Unfortunately many Tories agree with you, which is leading to the demise of our comprehensive, state-run school system. A similar thing is happening with our national curriculum, which isn't biased by private interests and religious prejudice unlike free schools.

And I see you wisely tip-toed around the NHS on this point. I suppose you have a grand plan to decentralise and privatise that as well? It could be run by crusty eccentrics, elderly volunteers and black bloc anarchists - who needs a state, right?

Steven. wrote:
You also incorrect if you believe that the government is simply benevolently providing social welfare to the population. Partly it is provided because it is necessary for the economy and for capitalist accumulation. For example, businesses need an educated and relatively healthy workforce. And secondly it has been provided as a response to working class struggles. Particularly the mass upheavals and strikes in the late 19th and early 20th centuries.

What part of my original post disagreed with striking as a legitimate form of protest? Taking away your labour is not only a right I fully support but, crucially, an engagement with the political process. Many strikes are undertaken by public sector workers who rely upon the state for gainful employment. And I'm sorry I just don't share your cynicism with the political establishment - most politicians are guided by strong principles of fairness - take John Bercow MP, for example, who conducted the Bercow Report on children with learning disabilities, leading to millions in extra spending. I suppose that was that another conspiracy to improve the efficiency of capitalist machinery? Don't let that paranoia get the better of you, Stevie.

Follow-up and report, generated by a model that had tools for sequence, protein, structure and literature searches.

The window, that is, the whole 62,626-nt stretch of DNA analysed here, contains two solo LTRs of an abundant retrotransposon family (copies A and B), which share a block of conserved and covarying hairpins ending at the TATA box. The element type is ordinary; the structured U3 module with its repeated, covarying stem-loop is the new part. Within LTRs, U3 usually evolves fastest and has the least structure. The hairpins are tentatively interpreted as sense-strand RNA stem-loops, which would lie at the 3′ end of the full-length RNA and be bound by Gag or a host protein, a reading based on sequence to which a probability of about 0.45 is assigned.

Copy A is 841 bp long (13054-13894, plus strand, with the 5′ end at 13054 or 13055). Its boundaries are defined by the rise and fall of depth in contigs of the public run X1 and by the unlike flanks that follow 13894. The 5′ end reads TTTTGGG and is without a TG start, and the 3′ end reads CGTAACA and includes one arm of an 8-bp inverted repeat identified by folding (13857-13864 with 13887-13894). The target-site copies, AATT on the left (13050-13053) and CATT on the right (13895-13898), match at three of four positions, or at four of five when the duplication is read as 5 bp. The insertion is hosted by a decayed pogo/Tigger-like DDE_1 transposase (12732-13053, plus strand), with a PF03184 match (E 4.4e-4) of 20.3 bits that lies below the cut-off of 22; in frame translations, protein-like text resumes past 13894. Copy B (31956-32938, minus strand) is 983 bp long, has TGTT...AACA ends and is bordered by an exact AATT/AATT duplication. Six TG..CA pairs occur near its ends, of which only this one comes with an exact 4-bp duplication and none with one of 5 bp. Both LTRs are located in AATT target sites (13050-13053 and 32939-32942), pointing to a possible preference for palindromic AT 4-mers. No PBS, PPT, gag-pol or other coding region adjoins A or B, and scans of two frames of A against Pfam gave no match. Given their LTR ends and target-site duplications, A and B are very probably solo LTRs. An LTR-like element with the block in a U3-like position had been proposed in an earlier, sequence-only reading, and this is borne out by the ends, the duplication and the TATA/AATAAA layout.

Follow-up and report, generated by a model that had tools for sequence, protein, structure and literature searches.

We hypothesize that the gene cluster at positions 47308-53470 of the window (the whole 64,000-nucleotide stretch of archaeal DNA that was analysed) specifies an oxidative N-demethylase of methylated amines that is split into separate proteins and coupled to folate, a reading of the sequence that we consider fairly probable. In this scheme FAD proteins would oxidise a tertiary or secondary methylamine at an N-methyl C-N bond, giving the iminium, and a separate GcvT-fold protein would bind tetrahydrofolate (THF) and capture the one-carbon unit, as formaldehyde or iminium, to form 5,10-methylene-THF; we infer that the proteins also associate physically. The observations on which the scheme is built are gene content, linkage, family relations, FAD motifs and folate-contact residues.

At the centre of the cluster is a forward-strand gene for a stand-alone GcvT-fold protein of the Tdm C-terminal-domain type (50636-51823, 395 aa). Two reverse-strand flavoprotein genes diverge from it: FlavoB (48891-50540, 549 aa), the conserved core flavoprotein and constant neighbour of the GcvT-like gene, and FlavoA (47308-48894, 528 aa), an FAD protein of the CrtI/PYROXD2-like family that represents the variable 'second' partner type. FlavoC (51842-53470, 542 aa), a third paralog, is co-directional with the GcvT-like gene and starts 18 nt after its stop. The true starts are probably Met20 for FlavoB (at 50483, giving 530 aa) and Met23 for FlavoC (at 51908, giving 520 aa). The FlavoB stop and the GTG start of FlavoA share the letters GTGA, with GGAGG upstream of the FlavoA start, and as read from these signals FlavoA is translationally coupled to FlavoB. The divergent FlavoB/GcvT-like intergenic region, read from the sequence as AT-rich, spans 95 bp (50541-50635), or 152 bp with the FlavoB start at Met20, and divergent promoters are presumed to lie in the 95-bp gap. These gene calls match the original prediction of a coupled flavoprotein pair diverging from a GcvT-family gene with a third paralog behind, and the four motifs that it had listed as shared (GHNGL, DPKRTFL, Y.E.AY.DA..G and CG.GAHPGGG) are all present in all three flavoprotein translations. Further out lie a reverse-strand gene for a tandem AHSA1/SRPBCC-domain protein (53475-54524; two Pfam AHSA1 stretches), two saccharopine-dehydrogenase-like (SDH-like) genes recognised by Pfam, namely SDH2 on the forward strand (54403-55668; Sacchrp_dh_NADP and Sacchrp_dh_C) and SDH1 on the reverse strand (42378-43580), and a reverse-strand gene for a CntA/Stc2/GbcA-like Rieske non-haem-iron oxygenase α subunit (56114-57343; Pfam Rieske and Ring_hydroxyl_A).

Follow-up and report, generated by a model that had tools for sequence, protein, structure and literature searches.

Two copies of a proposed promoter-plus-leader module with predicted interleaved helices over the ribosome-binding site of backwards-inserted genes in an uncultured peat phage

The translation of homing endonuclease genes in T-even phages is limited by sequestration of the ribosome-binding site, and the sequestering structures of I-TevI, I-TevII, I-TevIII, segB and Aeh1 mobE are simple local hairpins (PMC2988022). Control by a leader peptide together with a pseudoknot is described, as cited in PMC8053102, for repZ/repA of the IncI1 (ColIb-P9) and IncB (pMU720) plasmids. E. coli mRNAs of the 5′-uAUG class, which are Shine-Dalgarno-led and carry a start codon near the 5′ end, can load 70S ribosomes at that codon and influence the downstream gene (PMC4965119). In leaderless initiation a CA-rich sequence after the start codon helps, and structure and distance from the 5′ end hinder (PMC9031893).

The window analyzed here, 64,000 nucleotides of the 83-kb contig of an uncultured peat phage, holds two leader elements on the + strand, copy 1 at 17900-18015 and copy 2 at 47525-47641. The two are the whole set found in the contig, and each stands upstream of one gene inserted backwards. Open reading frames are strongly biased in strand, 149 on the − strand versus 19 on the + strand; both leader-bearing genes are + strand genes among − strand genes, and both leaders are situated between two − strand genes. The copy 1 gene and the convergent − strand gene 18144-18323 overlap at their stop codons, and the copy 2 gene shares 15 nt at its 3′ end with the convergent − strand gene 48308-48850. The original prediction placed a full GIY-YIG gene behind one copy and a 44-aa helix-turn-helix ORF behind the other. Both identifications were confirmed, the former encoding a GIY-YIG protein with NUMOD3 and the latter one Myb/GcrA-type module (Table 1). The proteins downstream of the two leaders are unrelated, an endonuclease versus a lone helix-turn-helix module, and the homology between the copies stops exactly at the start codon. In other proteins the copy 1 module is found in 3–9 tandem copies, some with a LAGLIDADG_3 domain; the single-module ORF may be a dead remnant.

Steven. wrote:
Quote:
And before you start on the usual diatribe about me being a stooge for the establishment, who hasn't lifted a finger in aid of anything:

what "usual diatribe" is this?

See above article.

Steven. wrote:
Good for you for marching against cuts, etc. But if you think that quietly walking down the road then putting an X in a box every four years is going to stop austerity or do anything to improve the lives of working people then you are sadly mistaken, and understand very little about history.

Thanks for your approval. Your proven track record of smashing up indiscriminate shops and turning every single media outlet against your cause is truly something I aspire to. I love taking lectures from all you veterans.

Steven. wrote:
Whereas the Québec student movement on the other hand was successful. Which was essentially because it was much more disruptive, and had much more prolonged and widespread direct action:

As if you just cited Quebec as a comparable example, next you'll be telling me about Che Guevara. You anarchists are hilarious when you're not appropriating important causes for pointless and unachievable ends.